Wednesday, August 26, 2009

Is it Gut Reaction Research or Context-Driven Qualitative Research?

I remember a scene from the movie “Cool Hand Luke” where the warden, after beating the insolent Paul Newman character, says “What we have here is a failure to communicate.” Marketers have a similar problem—a failure to communicate-- and this appears true if you’re selling research as well. Context-driven qualitative research is descriptive, but not inspirational. I am thinking of changing the name to Gut Reaction Research.

People understand when I say that my pictographic-driven research seems to be the only methodology that captures “gut reactions or gut feelings.” What I get from pictographs is gut reactions and this appears to be the most important information that a marketer can receive.
Marketers, what do you really want to know? You want gut reactions to your product or service, everything else is pablum.

Examples of our findings that reveal gut feelings include: “It’s a great place to get mugged” (about attractive, private entrances); “I don’t want to graded” (about a new school providing adult ed); and “Car salesmen are jerks” (about people who feel pressured in that environment).

When someone asks about why my approach is unique, I am going to say because it is gut reaction research. And I may no longer call it Context-Driven Qualitative Research. Comments? For more information, e-mail

Monday, August 17, 2009

When Consumers Are First Thinking About Buying

In researching such things as automobile purchasing, computer shopping, and mall shopping I have found an interesting phenomenon that I call “purchasing triggers.” It involves those factors related to what a consumer is thinking when they are first considering purchasing something. In the case of an auto purchase the trigger might be a car breakdown, a neighbor buying a new car, or a bonus at work. I use pictographs to show these types of situations.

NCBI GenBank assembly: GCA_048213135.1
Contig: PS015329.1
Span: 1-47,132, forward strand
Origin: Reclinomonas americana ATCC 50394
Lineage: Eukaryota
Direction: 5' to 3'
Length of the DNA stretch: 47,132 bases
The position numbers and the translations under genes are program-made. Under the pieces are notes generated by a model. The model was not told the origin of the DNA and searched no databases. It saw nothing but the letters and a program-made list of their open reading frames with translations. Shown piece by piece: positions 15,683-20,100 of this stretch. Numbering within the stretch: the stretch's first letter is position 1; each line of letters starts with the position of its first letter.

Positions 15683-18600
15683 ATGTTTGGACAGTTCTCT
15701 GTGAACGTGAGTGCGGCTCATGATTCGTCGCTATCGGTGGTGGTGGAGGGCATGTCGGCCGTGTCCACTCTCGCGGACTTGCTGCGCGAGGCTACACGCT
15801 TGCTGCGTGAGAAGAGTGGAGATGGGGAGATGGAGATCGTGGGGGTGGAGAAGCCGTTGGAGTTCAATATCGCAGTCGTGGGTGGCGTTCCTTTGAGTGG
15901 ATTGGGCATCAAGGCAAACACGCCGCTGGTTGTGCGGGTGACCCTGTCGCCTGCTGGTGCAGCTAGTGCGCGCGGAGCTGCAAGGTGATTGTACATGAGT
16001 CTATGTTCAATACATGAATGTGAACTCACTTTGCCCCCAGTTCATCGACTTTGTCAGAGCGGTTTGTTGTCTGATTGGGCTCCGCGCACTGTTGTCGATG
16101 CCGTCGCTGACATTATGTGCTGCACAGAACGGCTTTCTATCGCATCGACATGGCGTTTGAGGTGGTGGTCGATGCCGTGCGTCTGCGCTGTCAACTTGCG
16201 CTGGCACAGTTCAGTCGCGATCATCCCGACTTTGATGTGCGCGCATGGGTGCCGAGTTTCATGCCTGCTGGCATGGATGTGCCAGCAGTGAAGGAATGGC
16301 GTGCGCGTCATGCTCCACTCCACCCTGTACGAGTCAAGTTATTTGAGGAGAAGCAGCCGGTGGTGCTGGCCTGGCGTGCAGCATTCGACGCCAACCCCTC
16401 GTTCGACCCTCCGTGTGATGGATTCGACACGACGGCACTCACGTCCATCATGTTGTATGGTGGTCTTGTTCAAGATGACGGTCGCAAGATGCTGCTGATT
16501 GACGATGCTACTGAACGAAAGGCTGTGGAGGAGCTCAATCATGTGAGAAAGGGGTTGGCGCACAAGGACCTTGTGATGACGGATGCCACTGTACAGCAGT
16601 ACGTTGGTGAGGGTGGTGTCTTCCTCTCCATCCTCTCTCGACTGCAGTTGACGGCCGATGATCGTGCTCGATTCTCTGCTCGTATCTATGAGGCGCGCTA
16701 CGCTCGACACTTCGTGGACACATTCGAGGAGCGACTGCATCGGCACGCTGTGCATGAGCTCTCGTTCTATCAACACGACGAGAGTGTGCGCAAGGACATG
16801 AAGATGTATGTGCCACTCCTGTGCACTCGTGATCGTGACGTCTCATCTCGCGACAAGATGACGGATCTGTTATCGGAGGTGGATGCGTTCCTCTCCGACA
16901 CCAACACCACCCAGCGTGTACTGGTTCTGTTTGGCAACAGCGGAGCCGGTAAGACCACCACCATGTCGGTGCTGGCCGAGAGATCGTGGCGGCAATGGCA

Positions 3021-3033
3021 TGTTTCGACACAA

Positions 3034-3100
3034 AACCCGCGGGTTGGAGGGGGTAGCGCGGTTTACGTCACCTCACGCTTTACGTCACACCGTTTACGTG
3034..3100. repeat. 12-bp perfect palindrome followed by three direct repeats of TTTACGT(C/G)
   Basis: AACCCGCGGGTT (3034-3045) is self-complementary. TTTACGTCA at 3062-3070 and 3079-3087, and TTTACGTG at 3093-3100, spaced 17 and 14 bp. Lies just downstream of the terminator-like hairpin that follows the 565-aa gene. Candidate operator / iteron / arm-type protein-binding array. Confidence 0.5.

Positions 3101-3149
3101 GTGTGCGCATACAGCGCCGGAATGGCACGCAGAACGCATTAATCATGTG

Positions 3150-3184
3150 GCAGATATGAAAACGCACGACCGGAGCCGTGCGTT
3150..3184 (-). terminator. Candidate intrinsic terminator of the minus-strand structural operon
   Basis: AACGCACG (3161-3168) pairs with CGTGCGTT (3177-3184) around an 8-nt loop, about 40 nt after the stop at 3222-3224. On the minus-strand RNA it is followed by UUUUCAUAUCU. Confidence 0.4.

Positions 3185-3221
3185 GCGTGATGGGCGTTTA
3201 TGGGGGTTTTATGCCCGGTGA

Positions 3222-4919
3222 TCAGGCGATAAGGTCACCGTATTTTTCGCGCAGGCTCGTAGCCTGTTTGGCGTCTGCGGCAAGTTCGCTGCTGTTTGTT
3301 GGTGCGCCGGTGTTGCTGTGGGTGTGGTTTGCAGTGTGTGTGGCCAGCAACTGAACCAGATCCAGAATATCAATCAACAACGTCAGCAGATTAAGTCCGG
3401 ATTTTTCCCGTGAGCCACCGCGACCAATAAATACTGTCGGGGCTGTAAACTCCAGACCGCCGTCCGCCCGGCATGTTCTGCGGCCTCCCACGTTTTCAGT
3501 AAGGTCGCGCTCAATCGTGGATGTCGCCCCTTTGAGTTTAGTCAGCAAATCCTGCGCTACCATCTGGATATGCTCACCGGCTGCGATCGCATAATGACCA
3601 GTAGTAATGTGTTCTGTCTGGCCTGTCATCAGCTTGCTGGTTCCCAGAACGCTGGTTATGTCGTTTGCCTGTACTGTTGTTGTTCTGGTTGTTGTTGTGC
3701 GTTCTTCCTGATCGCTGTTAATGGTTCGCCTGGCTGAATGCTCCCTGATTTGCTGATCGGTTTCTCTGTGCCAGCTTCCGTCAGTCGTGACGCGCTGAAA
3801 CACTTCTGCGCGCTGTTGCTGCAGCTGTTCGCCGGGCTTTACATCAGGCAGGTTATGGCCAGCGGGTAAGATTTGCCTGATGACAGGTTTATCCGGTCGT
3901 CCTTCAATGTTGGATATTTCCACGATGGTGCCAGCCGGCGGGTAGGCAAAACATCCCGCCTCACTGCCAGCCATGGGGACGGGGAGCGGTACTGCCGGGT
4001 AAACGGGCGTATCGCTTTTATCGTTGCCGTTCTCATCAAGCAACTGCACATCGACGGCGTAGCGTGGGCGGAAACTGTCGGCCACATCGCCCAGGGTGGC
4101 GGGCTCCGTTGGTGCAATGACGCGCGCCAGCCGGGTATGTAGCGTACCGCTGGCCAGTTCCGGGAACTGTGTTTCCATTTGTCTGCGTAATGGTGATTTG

It is at the “buying trigger” stage that the consumer is most candid in telling the interviewer what it would take to get them to make a purchase. The rest of the pictographs provide the context for a specific product or service. For more info email

Sunday, August 9, 2009

Over the Shoulder Shots Draw Them In

As readers of this blog know, I use pictographs to duplicate the purchasing scenario for profiled consumers related to a specific product or service. This allows the respondents to explain their purchasing experience step by step. A bonus of this type of research is that it captures both emotions and resonant statements.

As is well known, emotions play a big part in purchasing behavior, and resonant statements are important as well. Who can forget the phrase from Wendy’s advertisements “Where’s the beef” or ’Avis’s “We’re number two but we try harder.” These two examples came from the minds of marketing geniuses but oftentimes context-related consumer comments can help the process along.

There are three types of pictographs that are used - those that set the scene (situational), those that show some interaction with the product or service (interactive), and those that provide an opportunity to comment about the previous two types of pictographs (reflective).

Here, I will discuss a specific type of interactive pictograph called the “Over-the-shoulder shot.” This is an example:

This shows an individual looking at an automobile sticker in a showroom. This type of pictograph quickly puts the respondent into the picture. They often preface their comments with “I.” An over-the-shoulder shot allows the researcher to place the product in the consumer’s hands. After this pictograph, it is possible to magnify various aspects of the product and the respondent will assume that he or she is still subjectively involved.

For more information, e-mail